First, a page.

The city of “Toletum”, now Toledo, Spain, was known before Roman times for being a “small town fortified by its location”. Rome further fortified the city with walls and access achieved through a series of gates or portals. The Moors added their signature traits to ensure the city even more.
The walled city can only be accessed through one of its many gateways, even today.
The entrance gateway of Alfonso VI or “Bisagra (Hinge)” was the main entry point to the city under Arab rule (10th century). It is said that Alfonso VI used this gate upon his victory in the reconquest of Toledo, reason to change the name of this gateway in addition to distinguishing it from the “new” entrance gate of Bisagra.
The (new) “Bisagra or Hinge” Gate was built by the Moors and remains the main entrance to the city. The chamber-style gateway has an interior courtyard where one finds a statue of Charles V. The gateway has different facades depending on the which side one views the gateway. Vehicle access is actually through side entrances along this gateway with towers.
The “Cambron” Gate of Muslim origin was rebuilt in the 16th century. The name is derived from the variety of hawthorn vegetation that dominated the neighborhood. This gateway was the main entrance to the city’s Jewish quarter. Currently, it is the only gateway in Toledo that actually allows automobile access.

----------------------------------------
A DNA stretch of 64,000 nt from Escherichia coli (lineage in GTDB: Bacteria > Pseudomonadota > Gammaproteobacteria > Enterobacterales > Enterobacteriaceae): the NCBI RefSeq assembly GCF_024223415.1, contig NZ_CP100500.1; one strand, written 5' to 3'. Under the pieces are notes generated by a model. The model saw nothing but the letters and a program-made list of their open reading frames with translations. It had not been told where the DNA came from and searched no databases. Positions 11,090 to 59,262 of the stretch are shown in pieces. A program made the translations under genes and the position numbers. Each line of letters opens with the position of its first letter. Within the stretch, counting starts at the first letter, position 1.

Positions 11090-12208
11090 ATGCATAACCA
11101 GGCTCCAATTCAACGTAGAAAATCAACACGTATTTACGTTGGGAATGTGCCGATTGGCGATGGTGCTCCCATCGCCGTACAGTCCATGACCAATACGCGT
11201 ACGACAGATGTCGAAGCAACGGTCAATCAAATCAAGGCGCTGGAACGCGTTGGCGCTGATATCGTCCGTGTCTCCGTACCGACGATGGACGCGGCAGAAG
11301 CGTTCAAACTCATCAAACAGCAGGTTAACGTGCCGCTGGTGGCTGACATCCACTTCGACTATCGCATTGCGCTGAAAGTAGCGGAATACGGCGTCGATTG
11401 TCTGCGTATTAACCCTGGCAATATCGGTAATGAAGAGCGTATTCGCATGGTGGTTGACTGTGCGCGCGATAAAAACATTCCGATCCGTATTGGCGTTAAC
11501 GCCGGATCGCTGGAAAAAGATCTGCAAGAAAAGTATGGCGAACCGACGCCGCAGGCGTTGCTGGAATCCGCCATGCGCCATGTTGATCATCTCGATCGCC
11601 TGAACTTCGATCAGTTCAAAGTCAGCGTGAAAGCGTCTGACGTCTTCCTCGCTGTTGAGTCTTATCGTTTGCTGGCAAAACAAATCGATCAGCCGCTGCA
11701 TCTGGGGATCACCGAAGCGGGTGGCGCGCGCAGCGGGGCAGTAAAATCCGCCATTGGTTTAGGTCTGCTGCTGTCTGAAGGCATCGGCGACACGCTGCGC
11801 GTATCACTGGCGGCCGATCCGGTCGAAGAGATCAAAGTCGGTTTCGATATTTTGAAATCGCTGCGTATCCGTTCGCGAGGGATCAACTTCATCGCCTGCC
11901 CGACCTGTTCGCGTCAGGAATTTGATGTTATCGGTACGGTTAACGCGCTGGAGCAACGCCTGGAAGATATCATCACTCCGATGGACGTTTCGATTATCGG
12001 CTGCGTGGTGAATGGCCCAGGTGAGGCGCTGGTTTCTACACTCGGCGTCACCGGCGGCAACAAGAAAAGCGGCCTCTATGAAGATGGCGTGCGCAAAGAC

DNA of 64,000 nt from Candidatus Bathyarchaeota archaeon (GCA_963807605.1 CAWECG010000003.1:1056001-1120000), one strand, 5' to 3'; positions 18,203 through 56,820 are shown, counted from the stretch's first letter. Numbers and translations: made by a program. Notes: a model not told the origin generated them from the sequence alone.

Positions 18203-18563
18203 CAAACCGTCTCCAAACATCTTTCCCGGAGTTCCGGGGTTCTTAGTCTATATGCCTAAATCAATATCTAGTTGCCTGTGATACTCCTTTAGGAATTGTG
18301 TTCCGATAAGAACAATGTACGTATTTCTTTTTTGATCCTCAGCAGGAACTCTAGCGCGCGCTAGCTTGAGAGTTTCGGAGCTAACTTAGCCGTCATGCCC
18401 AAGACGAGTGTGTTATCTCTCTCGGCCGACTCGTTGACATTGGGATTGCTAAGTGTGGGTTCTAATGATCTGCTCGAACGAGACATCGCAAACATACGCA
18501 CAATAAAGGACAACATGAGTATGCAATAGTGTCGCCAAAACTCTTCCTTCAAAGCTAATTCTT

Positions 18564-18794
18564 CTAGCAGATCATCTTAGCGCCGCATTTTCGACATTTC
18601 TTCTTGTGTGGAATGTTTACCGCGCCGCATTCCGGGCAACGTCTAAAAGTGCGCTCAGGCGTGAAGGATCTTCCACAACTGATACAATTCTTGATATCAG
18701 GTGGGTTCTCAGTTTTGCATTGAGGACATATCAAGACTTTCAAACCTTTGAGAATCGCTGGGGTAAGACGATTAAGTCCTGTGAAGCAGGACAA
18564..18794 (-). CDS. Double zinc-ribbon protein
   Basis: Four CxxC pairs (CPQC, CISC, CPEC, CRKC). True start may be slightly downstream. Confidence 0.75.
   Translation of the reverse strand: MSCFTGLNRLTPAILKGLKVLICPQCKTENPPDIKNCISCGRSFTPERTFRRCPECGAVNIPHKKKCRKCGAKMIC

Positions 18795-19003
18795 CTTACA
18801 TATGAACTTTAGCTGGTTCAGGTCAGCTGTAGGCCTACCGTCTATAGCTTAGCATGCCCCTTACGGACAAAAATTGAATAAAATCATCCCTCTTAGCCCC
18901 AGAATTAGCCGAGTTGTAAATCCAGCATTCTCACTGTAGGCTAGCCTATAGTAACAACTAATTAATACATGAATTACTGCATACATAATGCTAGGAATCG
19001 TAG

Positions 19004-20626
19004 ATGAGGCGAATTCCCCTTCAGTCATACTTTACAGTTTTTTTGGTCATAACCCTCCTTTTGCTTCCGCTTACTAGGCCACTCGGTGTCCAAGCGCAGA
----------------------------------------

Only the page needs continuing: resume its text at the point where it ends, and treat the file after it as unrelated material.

The Valmardon or Bal al-Mardum is the oldest city gate dating back to the 10th century. Legends say that when crossing this door, the horse of Alfonso VI stopped in front of what is now the Hermitage of Christ of the Light; thus refusing to continue its march.
The “Puerta del Sol” was built by the Knights Hospitalers, an order founded at the St. John’s Hospital in Jerusalem and which managed most of the hospitals in the Holy Land by founding some and building others throughout Europe. A relief of the Sun in the arch provides the popular name of this door. Interestingly, a paleo-christian sarcophagus is located under the central window.
Upon entering the city through the “Ronda del Granadal” street and towards the “Plaza de la Nueva Puerta” to the “Antequeruela” or “San Isidro” neighborhood, you can see a hidden entrance to the “Vado” Gateway. Only the upper part of the gateway is visible at street level and for some time it was considered as a single standing structure. Restoration works carried out in the 1990’s revealed the gate that had been hidden for some time and essentially forgotten by the 19th century. The gateway was used as a smuggling entry point for food products.